Its objective is to reach an industrial application of this technology, with the construction of a civil nuclear reactor with nuclear fusion. Currently in the assembly phase, the reactor should carry out its first test in 2025.
5. Is nuclear fusion really clean energy?
In theory, nuclear fusion should be used to produce energy that is clean and four times more consistent than energy from nuclear fission with the same fuel. The process also releases no CO2 and only generates helium, a non-toxic gas that is not part of the greenhouse gas family.
However, if nuclear fusion power plants do not produce any long-lived, high-level radioactive waste, they still generate radioactive waste.
Jérôme Bucalossi, director of the Institute for Research on Fusion by Magnetic Confinement (IRFM) of the Atomic Energy Commission (CEA), however, explained to “Echos” that the radioactivity of this waste “could be deactivated in about ten years, a century maximum’, versus thousands of years for the most radioactive in the case of a nuclear fission reaction.
However, there remains the thorny question of the materials at the origin of the plant -such as beryllium- whose extraction would be polluting.
6. When will nuclear fusion be used specifically?
This is the question that haunts all industry watchers. For decades, the advancement of nuclear fusion was limited to isolated experiments, which set new records for plasma temperature or holding times.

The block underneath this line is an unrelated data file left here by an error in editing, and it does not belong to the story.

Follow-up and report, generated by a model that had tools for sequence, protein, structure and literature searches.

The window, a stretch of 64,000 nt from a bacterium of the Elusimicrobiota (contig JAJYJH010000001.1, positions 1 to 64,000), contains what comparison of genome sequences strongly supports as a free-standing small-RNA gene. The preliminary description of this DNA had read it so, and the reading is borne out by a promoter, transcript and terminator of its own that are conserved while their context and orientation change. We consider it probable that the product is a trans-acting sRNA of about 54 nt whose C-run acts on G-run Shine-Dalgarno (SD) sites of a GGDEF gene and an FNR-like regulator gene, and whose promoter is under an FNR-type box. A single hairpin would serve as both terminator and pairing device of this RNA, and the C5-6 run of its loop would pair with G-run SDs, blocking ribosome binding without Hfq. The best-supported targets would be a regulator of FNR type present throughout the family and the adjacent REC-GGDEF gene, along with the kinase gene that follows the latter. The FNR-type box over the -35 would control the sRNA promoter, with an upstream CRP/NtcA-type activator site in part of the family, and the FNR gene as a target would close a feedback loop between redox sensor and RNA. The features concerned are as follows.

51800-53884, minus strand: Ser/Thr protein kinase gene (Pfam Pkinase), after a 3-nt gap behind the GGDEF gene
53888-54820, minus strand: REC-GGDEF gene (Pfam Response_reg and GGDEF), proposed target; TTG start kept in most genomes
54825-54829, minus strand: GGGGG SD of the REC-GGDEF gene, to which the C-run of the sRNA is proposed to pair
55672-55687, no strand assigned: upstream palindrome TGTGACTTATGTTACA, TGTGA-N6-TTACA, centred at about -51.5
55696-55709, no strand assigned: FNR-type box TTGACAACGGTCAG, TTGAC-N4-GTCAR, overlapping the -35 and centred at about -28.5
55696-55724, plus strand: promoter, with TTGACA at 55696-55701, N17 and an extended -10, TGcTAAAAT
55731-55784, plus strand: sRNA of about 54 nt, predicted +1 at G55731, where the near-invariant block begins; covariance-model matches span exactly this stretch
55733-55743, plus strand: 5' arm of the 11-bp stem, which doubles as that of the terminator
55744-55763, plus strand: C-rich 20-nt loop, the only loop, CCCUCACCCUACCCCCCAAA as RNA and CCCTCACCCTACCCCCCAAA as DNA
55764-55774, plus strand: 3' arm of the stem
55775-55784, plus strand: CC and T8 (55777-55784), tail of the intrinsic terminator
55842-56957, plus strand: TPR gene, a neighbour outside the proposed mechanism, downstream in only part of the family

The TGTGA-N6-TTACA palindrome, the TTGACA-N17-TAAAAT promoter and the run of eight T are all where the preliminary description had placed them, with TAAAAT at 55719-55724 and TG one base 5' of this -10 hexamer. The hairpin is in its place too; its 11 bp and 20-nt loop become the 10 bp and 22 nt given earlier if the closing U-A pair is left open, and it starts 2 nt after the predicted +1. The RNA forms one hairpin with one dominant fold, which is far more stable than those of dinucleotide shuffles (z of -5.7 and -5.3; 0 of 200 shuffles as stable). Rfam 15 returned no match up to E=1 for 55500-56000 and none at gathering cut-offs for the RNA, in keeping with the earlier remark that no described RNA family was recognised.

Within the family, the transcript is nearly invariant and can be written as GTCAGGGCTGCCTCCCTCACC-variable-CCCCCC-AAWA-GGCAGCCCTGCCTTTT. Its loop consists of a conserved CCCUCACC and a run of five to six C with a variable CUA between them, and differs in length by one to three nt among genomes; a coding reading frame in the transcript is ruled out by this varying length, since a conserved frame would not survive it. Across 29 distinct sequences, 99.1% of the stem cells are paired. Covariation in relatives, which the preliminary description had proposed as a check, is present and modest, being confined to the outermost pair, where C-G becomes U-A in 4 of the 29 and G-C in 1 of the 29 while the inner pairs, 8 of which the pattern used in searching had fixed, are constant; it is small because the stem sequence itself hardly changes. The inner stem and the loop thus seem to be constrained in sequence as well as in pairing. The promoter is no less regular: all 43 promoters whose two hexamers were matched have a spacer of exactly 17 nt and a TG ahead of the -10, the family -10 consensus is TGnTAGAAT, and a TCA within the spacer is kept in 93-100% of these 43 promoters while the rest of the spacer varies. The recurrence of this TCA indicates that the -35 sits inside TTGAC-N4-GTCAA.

In recent years, many projects have been launched with the aim of having an operational nuclear fusion reactor by 2030. This is the case of the Iter project, which expects tests to begin in 2025. However, many experts agree that the Industrial use of this technology is unlikely to occur before mid-century.
Enough for Greenpeace to say that “nuclear fusion remains a glossy paper mirage” costing “billions of euros of public money with no guarantee of results.”
7. Is the private sector investing in this technology?
Long reserved for states, nuclear fusion is gaining traction with private companies, including Marvel Fusion. The Bavarian start-up, which has raised nearly €65 million since its inception, plans to launch a prototype power plant in 2027 before commercializing its solution in the 2030s.
However, it is in the United States where the frenzy is most intense. Various investors are interested in nuclear fusion, not least: Jeff Bezos, Bill Gates or even George Soros have invested in young shoots in the sector.
The Amazon chief is backing Canadian startup General Fusion, which has also benefited from state investment, in its $400 million nuclear power plant project in Culham, England. For their part, Bill Gates and George Soros participated in the fundraising of Commonwealth Fusion Systems, which allowed the American company to raise 1,800 million dollars.
A total of 25 private companies entered the merger business in 2021. About $3.5 billion were raised in the markets, according to data from the PitchBook agency.